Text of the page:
Sermon for the 2nd Sunday of Lent: Destiny – preached at the Eucharist, Sherborne Abbey, on Sunday, 13 March 2022 by The Reverend Robert Green. (Philippians Ch 3: v 17 – Ch 4: v 1; Luke Ch 13: v 31-35
I do like watching quiz programmes on Television, and particularly University Challenge. I am constantly reminded of how much I don’t know! But very occasionally I do know the answer, and the team don’t. I finish up shouting at the television, but to no avail. It is so frustrating that they take no notice being oblivious to your offers of help.
Perhaps this is how God feels when we so obviously live oblivious to his offers of help and guidance. Not exactly as the TV team who actually cannot hear even if they want to, but more like parents who have to watch their child getting deeper involved in an unhealthy relationship which they know will end in misery, while their misgivings are dismissed as nagging or simply ignored.
Our Gospel reading starts with some Pharisees warning Jesus that Herod is out to kill him. Exactly what their motive was is unclear, perhaps they were sympathetic, or they may have been emissaries of the king to frighten Jesus out of Herod’s territory. Whichever it was, Jesus’s reply is uncompromising; “Go and tell that fox. Listen, I am casting out demons and performing cures today and tomorrow, and on the third day I finish my work.” Whether Herod received this message we don’t know, but if he did, he probably would have thought that it meant that Jesus would do as he pleased: if he wanted to stay a further two days then he would. But Jesus reply does not stop there, he continues; “Yet today, tomorrow, and the next day I must be on my way, because it is impossible for a prophet to be killed away from Jerusalem”. This now puts a quite different meaning to Jesus’s ministry. There is a sense of destiny in his life, and it would end in Jerusalem. The three days now refer to his time in the tomb.
Jesus’s death by crucifixion was no tragic accident that would bring his ministry to a premature and meaningless halt. This was the moment above all moments for which he had become incarnate, and his death would be the climax of his life, because in that death he, the sinless Son of God bore our sins and paid the price of our rebellion against God.
What would be a triumph for Jesus would be a disaster for Jerusalem. Jesus continues;” Jerusalem, Jerusalem, how often have I desired to gather your children together as a hen gathers her brood under her wings, and you were not willing” It is interesting that Jesus used the analogy of a hen with her brood. There is a true story of what happened to a hen caught in a fire. It all started with a cigarette end setting fire to a rick in a farmyard which rapidly spread to the barn where there were poultry. The farmer opened the barn door, and shooed the poultry out in to a field. When the blaze was brought under control, the farmer took some food out to the chickens, and on counting them, he realised there was one white hen with her chicks missing. He finally found her sat in a heap, her head hanging over on one side, her feathers scorched, and discoloured by smoke. She was quite dead, and yet the path to safety lay in front of her and the way was open. Why had the hen sat down and died like that? The farmer stooped and picked her up, and out from under her limp wings ran nine fluffy chicks alive and cheeping. He gathered them up in a box, and put them by the kitchen stove. The hen gave her life to save her chicks, and Jesus by implication wants to do the same for Jerusalem, but they will have none of it.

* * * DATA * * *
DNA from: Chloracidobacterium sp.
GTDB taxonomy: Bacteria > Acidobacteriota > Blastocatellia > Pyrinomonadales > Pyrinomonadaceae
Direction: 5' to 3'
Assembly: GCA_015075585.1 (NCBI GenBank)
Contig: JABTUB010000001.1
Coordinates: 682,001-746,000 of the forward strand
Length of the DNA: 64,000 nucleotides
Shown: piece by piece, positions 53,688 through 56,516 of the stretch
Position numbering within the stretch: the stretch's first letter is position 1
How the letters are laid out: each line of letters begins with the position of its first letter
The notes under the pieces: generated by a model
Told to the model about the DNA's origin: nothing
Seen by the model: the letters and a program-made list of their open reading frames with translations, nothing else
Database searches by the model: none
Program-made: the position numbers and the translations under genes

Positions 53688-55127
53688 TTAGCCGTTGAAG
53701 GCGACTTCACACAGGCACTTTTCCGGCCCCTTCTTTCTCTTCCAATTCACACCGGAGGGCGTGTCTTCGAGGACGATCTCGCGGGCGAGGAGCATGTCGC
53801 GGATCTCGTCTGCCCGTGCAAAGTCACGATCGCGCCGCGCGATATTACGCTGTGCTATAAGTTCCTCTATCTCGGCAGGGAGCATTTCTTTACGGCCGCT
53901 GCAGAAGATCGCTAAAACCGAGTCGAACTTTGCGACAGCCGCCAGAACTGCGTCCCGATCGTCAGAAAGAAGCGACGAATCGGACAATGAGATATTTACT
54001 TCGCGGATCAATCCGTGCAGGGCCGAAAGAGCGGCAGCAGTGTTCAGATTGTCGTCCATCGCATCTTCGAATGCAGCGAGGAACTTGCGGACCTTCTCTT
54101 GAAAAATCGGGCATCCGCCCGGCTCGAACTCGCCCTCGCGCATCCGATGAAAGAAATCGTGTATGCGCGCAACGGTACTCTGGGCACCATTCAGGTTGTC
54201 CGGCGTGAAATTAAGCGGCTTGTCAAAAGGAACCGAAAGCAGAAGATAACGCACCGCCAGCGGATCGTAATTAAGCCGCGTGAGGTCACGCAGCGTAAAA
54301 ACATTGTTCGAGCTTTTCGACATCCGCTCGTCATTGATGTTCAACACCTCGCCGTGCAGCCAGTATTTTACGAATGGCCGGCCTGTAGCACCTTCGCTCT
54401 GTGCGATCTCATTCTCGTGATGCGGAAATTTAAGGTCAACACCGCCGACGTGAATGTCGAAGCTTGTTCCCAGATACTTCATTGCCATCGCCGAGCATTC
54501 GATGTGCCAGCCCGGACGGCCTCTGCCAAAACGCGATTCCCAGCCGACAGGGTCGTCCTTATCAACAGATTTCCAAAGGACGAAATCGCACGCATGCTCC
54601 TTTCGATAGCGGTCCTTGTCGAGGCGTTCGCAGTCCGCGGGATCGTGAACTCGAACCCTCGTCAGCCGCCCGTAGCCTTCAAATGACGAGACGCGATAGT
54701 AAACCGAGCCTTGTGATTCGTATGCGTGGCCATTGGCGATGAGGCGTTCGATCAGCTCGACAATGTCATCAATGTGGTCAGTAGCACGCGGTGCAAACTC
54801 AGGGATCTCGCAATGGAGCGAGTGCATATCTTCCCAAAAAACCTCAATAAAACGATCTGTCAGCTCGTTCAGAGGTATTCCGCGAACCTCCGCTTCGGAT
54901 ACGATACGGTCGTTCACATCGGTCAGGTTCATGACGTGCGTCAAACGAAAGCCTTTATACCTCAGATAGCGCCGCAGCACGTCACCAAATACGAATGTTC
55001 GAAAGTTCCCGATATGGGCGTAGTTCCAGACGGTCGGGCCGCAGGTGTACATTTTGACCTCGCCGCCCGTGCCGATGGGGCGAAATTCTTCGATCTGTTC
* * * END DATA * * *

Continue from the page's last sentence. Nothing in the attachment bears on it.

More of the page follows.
Jesus has a destiny to fulfil, and chooses to die for us. Will we stand with Jesus seeking and fulfilling our destiny in and through him? Will we be faithful even when the going gets tough? Will we seek the indwelling of God’s Spirit to encourage and embolden us in difficult times? Indeed, are we prepared to suffer for Jesus’ sake as Jesus suffered for ours? We are witnessing great acts of courage and sacrifice in Ukraine in the face of an evil aggressor. Whatever the odds may be, there is a determination to stand for what is right, even if it costs their lives. Ukraine has deep Christian roots. There are over 800 churches in Kyiv alone, and we are seeing people of faith being willing to sacrifice everything for their country. It is indeed an amazing witness, and at the time of preparing this sermon, the outcome is not at all clear, but we know that in the end, good will triumph over evil, for Christ crucified has won the victory over evil. Let us continue to stand alongside our brothers and sisters in prayer and giving whatever we can. How Jesus must weep at what is happening as he once wept over Jerusalem.